SmartStream has a lot of clients, ranging from large investment banks to small hedge funds, service providers and fund managers. We can get a market consensus and implement a solution that works for everyone. If we had only buy-side clients, our perspective would be very different to if we had only large investment bank clients. These entities will have very different concerns.

The aim is to create functionality that is innovative and rich enough to deal with situations that arise. That reduces systemic risk, at least between our clients. We get input from every angle; everyone can see each other’s point of view, and everyone benefits.

How important is collateral optimisation in the current regulatory and cost-conscious environment?
There are now more regulatory requirements than ever before. The likes of gross initial margin and gross variation margin require higher-quality assets, and at the same time, countries are being downgraded. We’re in a situation where there is a growing demand and fewer assets available. Everyone is looking not just at collateral optimisation, but at services around collateral and at asset management itself.

Players are thinking about rehypothecation rules and triparty agreements, and the cross-process environment is really driving how a lot of decisions are being made.

The SmartStream collateral optimisation application is designed to pragmatically evaluate available assets and the different eligibility arcs.

It then presents the best collateral allocation using linear programming. It takes into account eligibility, concentration rules and wrong-way risk, and any new regulatory regime can be programmed into the algorithm.

A part of it is also about feeding data from our system into another system, and then getting it back later, potentially to feed a cash management or asset allocation system.

SmartStream’s public APIs allow clients to access data more easily, and our reporting suite can extract data from our system in a clear format, so that it can be used for other purposes.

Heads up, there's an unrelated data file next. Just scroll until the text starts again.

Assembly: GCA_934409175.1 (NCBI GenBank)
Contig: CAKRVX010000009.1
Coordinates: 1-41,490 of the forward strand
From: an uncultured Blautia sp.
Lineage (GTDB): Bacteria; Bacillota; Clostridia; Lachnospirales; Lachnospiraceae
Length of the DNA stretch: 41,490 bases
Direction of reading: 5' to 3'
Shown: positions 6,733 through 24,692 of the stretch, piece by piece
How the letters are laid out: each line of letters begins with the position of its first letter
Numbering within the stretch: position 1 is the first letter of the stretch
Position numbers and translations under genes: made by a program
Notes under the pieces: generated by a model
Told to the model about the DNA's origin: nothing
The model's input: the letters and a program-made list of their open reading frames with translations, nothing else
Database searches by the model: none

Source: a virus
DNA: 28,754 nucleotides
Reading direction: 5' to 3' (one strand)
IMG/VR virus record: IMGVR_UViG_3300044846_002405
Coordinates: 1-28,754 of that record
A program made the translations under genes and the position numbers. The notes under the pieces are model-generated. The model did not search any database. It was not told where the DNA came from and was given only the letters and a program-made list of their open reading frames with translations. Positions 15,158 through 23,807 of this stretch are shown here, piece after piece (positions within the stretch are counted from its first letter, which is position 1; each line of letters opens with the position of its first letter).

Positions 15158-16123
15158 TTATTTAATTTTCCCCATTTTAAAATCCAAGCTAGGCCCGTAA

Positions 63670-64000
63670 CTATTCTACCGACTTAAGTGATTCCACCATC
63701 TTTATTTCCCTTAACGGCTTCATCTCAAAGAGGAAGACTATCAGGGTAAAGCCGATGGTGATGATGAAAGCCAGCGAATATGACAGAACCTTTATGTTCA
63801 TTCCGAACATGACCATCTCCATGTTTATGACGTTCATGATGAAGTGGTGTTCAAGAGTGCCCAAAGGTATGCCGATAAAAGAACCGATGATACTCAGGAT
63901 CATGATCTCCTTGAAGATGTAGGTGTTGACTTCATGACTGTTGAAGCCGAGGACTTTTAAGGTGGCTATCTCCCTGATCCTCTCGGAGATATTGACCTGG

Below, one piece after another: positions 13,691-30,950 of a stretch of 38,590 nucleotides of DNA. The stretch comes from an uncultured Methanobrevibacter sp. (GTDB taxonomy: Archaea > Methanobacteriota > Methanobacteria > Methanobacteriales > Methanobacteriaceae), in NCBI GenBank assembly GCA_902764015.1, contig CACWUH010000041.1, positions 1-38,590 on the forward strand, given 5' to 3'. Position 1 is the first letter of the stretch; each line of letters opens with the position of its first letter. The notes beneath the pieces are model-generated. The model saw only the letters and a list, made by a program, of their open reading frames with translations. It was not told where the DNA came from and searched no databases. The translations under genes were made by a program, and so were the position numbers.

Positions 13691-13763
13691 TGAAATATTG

What other benefits can data management and analysis offer?

We’re seeing clients expressing that they need more information from the collateral system. This system is a source of assets for some clients, or agreement information, and there are projections they need to make based on things like margin calls, disputes and assets. It’s also a place where over-the-counter trades usually reside, so people often use it for audit records. Having a comprehensive extraction process means getting all of that information to another location and allowing clients to run all kinds of management information system enquiries on it, so that the process-intensive work doesn’t impact the speed of the production environment.

Equally, it’s important to have real-time updates for some processes. For example a collateral movement could be transmitted immediately and used in cash management projections.

The need of information coming from a collateral system has become ubiquitous. Information is key. Institutions want the ability to look into the system if they need to, and the ability to marry together data from different systems. It’s not just about providing a view into the data for stakeholders, it’s also about efficiency, utility and transparency, and about making data available in a practical manner.